Thursday, February 8, 2007

Cyren Call -- Do We Need Another Cell Phone Carrier?

I'm listening to a Webcast of the Senate Commerce Committee's hearing on the Cyren Call proposal.

The idea, put forward by former Nextel Vice Chair Morgan O'Brien, is for Congress to take 30 MHz of (formerly analog TV) spectrum in the 700 MHz band, which is currently scheduled to be auctioned early next, and give it to a "Public Safety Broadband Trust" that would be managed by his new company, Cyren Call. Cyren Call would lease the spectrum to commercial wireless companies, which would build out a nationwide network and use it for commercial services, but public safety agencies would get to use it more or less for free.

Cyren Call has lobbied the plan on the basis that it's needed for public safety interoperability and broadband. Not surprisingly, public safety seems to think it's a great idea too. A study I co-authored (Full disclosure: It was funded by the High Tech DTV Coalition and CEA.) shows the plan isn't likely to work, for lots of reasons. (See http://www.criterioneconomics.com/news/070206.php.)

The thing I found really striking about today's hearing is that Mr. O'Brien came right out and said his real goal here is to create a new cell phone company, which (he argues) would benefit consumers. Did I miss something, or did we just go through a round of much-needed consolidation in the wireless industry? And, if things have changed and we really do need another carrier, what's stopping Cyren Call (or anyone else) from buying the spectrum at the auction?

The history of farming the FCC for free spectrum is long and sordid. Auctions seem to have gotten the problem under control. Hopefully, Mr. O'Brien's laudable candor will help Congress to see the Cyren Call plan for what it is.

posted by Jeff Eisenach @ 11:42 AM | Digital TV, Interoperability, Spectrum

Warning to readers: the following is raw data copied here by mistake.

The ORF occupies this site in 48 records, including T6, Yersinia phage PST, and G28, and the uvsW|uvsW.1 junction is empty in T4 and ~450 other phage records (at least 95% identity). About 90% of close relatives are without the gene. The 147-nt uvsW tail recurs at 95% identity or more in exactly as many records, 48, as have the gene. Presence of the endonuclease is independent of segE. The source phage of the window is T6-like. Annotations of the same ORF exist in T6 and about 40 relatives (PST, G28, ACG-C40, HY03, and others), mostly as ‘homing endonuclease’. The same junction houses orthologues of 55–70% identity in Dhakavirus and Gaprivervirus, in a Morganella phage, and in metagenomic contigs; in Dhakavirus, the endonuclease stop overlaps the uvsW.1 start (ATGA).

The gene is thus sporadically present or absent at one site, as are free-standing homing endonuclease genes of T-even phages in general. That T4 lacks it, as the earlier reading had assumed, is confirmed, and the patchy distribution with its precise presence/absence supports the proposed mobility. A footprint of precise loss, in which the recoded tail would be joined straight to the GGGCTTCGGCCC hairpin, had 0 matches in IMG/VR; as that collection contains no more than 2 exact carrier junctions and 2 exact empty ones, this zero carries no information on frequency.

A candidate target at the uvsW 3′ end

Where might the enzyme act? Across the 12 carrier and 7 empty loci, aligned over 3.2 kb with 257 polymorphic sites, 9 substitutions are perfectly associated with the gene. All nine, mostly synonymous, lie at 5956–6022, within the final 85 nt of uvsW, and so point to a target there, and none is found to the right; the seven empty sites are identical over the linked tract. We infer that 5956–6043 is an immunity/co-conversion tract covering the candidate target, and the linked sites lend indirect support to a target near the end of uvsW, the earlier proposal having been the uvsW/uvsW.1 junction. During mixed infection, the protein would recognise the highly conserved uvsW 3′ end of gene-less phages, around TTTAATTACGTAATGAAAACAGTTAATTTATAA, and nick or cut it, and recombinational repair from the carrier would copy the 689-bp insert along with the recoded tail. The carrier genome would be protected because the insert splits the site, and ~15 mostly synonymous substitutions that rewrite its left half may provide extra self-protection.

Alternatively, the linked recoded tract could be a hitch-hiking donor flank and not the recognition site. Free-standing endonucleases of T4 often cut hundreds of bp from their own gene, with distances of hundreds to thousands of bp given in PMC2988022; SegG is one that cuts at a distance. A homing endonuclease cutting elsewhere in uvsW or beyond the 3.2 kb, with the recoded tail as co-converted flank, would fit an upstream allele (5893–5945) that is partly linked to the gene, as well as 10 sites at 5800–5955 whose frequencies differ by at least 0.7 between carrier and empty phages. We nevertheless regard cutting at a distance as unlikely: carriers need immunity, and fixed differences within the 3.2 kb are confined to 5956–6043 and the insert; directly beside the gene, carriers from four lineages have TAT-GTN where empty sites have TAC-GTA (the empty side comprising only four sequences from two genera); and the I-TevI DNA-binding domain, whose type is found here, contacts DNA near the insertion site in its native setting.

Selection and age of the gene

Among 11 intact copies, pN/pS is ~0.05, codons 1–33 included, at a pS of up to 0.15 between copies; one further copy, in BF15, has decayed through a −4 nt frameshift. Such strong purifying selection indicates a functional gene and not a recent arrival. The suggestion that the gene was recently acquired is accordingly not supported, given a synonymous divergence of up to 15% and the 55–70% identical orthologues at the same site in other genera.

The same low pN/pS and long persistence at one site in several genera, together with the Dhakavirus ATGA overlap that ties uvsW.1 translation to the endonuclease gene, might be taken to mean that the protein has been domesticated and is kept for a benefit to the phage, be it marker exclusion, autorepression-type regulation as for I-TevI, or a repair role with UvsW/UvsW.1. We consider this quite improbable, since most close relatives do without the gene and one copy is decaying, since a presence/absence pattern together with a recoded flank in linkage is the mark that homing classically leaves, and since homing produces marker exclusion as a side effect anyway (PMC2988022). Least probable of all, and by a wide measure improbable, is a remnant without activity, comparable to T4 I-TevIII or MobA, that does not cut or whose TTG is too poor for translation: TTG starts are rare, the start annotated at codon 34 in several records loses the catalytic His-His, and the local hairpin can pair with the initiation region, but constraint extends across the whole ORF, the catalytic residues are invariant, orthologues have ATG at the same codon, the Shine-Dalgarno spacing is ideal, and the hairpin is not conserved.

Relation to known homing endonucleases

Link to this Entry | Printer-Friendly | Email a Comment |

Blog Main
RSS Feed   
Recent Posts
  Frontline, Reed Hundt and Net Neutrality
Cyren Call -- Do We Need Another Cell Phone Carrier?
Archives by Month
  December 2009
November 2009
October 2009
September 2009
  - (see all)
Archives by Topic
  A La Carte
Add category
Advertising & Marketing
Antitrust & Competition Policy
Books & Book Reviews
Campaign Finance Law
Capitol Hill
Cutting the Video Cord
Digital Americas
Digital Europe
Digital Europe 2006
Digital TV
e-Government & Transparency
Free Speech
Generic Rant
Global Innovation
Human Capital
Internet Governance
Internet TV
Local Franchising
Mass Media
Media Regulation
Monetary Policy
Municipal Ownership
Net Neutrality
Ongoing Series
Online Safety & Parental Controls
Open Source
Philosophy / Cyber-Libertarianism
Privacy Solutions
State Policy
Supreme Court
The News Frontier
Think Tanks
Universal Service
What We're Reading
Archives by Author
PFF Blogosphere Archive
We welcome comments by email - look for a link to the author's email address in the byline of each post. Please let us know if we may publish your remarks.

The Progress & Freedom Foundation